On the 10th anniversary of The Killers’ sophomore album Sam’s Town, journalist and The Killers’ biggest fan (self-appointed) Anthony Colangelo explains why Sam’s Town is such a special LP and why it proves the band is just as good as any mid-2000’s alt-rock outfit.
I remember the first time I listened to Sam’s Town. It was in my mum’s car, driving home from Altona Gate Shopping Centre in Melbourne’s west. I made Mum take me to the Altona Gate K-Mart at 9am so I could walk straight to the CD section to buy it.
It was 2006. Ten years ago to the day. What a time; no streaming, no torrents and very little concert footage of new songs on YouTube. Sam’s Town was probably the last album I’d eagerly anticipated where I couldn’t listen to most, if not all tracks in full before release. That’s because the aforementioned technology didn’t exist in 2006.
I was 15 and I’d played The Killers first album Hot Fuss on repeat for two years. Hot Fuss was the first full album I’d ever obsessed over – it consumed my life from ages 13 to 15.
I’d read a lot of press about Sam’s Town before release. Interviews, previews and reviews revealed it was going to be different. They mentioned influences like Bruce Springsteen and Tom Petty but I had no idea who they were.
I was oblivious to the way The Killers’ sound was about to evolve. The way their sound was about to alter (although with its DNA still intact) and the way my outlook on life would be enriched.
Sam’s Town had nothing that sounded like Hot Fuss’ “Mr Brightside”, “Somebody Told Me”, “All These Things That I’ve Done” or “Smile Like You Mean It”. Those songs were indie rock anthems steeped in Euro-Brit pop dye, borrowed from The Smiths, Depeche Mode and New Order.
Instead, Sam’s Town produced “When You Were Young”, “Read My Mind”, “Bones”, “For Reasons Unknown” and “Bling (Confessions of a King)” – indie rock anthems much the same, but instead shaped by American heartland rock.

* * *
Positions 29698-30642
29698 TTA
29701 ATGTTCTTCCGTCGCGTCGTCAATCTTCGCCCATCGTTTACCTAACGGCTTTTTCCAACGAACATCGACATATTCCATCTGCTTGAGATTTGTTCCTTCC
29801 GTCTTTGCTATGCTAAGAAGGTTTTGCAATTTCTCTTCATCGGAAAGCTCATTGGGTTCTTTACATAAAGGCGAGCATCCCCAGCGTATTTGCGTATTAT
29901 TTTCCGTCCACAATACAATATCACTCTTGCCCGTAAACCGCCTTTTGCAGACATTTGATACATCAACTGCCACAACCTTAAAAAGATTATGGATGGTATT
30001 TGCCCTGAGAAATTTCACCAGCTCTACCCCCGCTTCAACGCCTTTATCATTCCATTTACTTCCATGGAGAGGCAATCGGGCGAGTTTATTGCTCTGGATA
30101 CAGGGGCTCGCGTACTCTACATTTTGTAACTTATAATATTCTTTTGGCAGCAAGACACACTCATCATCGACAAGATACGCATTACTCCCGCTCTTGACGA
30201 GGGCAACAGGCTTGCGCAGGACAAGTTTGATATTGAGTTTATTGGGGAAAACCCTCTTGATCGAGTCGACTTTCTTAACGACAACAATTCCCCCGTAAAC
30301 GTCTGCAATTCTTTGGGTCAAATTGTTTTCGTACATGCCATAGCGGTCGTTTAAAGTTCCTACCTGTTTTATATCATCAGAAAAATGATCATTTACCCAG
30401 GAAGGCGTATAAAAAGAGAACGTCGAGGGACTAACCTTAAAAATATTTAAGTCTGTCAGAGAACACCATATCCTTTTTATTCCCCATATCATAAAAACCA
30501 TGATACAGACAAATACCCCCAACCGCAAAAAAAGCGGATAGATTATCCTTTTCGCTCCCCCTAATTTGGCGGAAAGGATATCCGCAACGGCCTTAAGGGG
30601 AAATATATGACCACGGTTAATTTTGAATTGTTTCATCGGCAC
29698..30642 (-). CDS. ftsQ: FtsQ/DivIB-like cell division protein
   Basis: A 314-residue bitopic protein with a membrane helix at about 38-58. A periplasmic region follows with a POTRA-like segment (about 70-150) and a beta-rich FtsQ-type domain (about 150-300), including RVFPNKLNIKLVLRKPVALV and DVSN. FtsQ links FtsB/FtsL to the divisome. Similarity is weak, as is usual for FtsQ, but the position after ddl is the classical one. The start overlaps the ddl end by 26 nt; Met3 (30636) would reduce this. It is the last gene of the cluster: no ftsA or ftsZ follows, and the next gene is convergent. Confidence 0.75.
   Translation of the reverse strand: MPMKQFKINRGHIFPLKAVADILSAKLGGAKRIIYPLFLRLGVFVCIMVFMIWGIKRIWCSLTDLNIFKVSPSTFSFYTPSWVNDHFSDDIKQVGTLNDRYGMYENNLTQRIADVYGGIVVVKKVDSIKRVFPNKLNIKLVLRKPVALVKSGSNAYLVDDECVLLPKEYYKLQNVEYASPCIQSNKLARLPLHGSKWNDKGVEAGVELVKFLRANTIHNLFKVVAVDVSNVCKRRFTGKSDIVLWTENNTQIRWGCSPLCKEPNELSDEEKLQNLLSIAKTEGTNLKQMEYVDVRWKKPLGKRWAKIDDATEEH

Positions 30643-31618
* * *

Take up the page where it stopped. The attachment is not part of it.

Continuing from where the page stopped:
That didn’t mean Sam’s Town lacked Hot Fuss’ synth heavy tone. It was still there, but just used differently and not so prominent. So I struggled to place Sam’s Town, and so did a lot of the band’s critics.
15-year-old me was jarred and challenged by Sam’s Town. Since I first heard The Killers (“Somebody Told Me” on Fox FM, “Mr Brightside” on Channel V and then all of Hot Fuss), it all instantly made sense. I loved it straight away.
So surely Sam’s Town was going to be the same? Well, no.
I liked “When You Were Young” (released a month before Sam’s Town, and how could you not?), but the rest of the album took time to seep into me. On Sam’s Town Brandon Flowers’ voice was so different. The songs were heavier, slightly darker and the whole look of the band had changed.
Gone were the sleek Euro catwalk blazers mixed with a flashy and brash Las Vegas style palette. This was replaced by a decidedly earthier, hairier and more Americana desert style image.
It rattled me - symbolism and imagery matters – and for the first few weeks I was unsure if it meant I no longer loved the first band I’d ever been obsessed with. But soon enough it won me over and I’d fallen in love with every single track. But how?
Reflecting back on it 10 years later, I realised it was an important time in my life. Growing to love Sam’s Town helped make me a curious person.